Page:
No one can play better than at their best, but they can certainly play at less than their best. Sadly, the latter is much more common. Although we all have physical limits, it is our mindset that determines whether we are maximizing our capabilities and potential, and whether those limits have been reached. Traditionally, athletes and coaches have mistakenly believed that mental skills like ‘confidence’ are either something you are born with or just get after a good week of practice or a winning performance. Importantly, mental skills can be developed similarly to physical skills through deliberate practice. Part of the sport psychology work with an athlete is coming up with an individualized plan to actively increase confidence, improve concentration, etc.
How do you get coaches and players to understand that “confidence” isn’t just something that you are or are not born with and instead is something you can actually develop?
1. Share with athletes and coaches research findings demonstrating the effectiveness of psychological interventions in competitive sport to enhance performance. For example, regarding the benefits of positive body language (i.e., “acting like a champion”, I might discuss recent research by Harvard Business School professor Amy Cuddy and colleagues, showing that simply holding one’s body in open, expansive (versus closed, contractive) postures for only a couple of minutes can produce meaningful elevations in testosterone, decreases in cortisol, and increased feelings of power and tolerance for risk when it is needed.
2. Share with athletes and coaches anecdotal reports and quotes from champions about the importance of the mental game, and the benefits they’ve received from working with a sports psychologist. As examples, ace MLB pitcher Roy Halladay credits much of his success to his work with mental skills coach Harvey Dorfman, whereas Tiger Woods was age 14 when he began working with Dr. Jay Brunza on confidence, concentration and relaxation. 2012 National Champion Basketball Coach John Calipari regularly consults with sports psychologist Dr. Bob Rotella, as well as having Rotella speak to his teams throughout the years.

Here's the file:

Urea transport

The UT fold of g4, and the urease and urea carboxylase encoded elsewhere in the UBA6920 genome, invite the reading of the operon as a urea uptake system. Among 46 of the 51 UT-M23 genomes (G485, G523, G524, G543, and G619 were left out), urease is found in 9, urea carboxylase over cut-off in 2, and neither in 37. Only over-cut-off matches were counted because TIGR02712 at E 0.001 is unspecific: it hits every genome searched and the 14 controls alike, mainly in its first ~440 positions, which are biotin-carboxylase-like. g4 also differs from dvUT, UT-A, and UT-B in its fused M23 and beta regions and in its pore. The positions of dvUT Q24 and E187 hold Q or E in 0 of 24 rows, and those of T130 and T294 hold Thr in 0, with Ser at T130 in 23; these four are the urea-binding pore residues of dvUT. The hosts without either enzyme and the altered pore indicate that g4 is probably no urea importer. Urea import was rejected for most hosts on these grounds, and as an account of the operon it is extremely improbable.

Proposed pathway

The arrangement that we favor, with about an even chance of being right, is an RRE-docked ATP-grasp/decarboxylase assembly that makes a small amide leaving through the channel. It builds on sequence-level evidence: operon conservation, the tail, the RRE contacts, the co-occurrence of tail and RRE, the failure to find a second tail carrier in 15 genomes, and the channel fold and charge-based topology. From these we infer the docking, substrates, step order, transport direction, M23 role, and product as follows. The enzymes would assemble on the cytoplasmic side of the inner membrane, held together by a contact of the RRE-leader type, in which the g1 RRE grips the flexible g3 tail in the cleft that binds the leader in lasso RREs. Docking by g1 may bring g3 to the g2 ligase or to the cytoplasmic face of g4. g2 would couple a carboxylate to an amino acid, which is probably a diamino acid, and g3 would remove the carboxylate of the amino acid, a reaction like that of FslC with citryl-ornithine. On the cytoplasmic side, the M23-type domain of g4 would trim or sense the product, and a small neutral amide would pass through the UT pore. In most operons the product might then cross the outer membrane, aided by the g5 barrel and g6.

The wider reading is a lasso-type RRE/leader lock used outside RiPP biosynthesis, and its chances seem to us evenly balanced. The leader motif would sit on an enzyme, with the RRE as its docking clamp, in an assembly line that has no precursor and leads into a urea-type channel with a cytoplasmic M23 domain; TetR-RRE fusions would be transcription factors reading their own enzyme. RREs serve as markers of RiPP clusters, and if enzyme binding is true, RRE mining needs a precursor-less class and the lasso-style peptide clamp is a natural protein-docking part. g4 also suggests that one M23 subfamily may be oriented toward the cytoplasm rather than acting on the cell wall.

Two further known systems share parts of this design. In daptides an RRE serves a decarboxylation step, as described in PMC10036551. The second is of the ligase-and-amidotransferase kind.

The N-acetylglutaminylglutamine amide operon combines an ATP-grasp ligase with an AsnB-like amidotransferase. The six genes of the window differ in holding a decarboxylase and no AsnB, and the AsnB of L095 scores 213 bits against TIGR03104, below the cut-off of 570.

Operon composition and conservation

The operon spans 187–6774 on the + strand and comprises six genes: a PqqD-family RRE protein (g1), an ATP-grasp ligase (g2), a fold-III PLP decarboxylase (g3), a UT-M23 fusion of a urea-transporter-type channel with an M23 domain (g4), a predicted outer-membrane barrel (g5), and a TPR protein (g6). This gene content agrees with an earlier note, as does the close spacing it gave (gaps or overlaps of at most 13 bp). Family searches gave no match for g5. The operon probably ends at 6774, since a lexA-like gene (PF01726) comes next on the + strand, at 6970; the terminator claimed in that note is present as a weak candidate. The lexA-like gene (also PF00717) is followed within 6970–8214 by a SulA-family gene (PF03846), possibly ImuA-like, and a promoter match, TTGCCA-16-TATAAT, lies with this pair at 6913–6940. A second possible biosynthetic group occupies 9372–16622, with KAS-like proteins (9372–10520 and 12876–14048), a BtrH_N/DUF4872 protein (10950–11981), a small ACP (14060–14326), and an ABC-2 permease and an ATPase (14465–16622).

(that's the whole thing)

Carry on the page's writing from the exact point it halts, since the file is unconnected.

3. Challenge any misunderstandings regarding sports psychology services, and work together to overcome these perceived barriers. Athletes might have all kinds of misunderstandings, like the sports psychologist will make them do something they don’t want to do such as take psychiatric medication, or go blabbing their story to the team or coach. Then, of course, there are the self-limiting beliefs, like “I should be able to solve all my personal or performance problems on my own,” or “Meeting with a sports psychologist is an admission of weakness that I shouldn’t have.” Asking for help or support is not an admission of weakness. Rather, it is an acknowledgement that you are human and that you want to hone your performance or enhance your life, together with a specialist.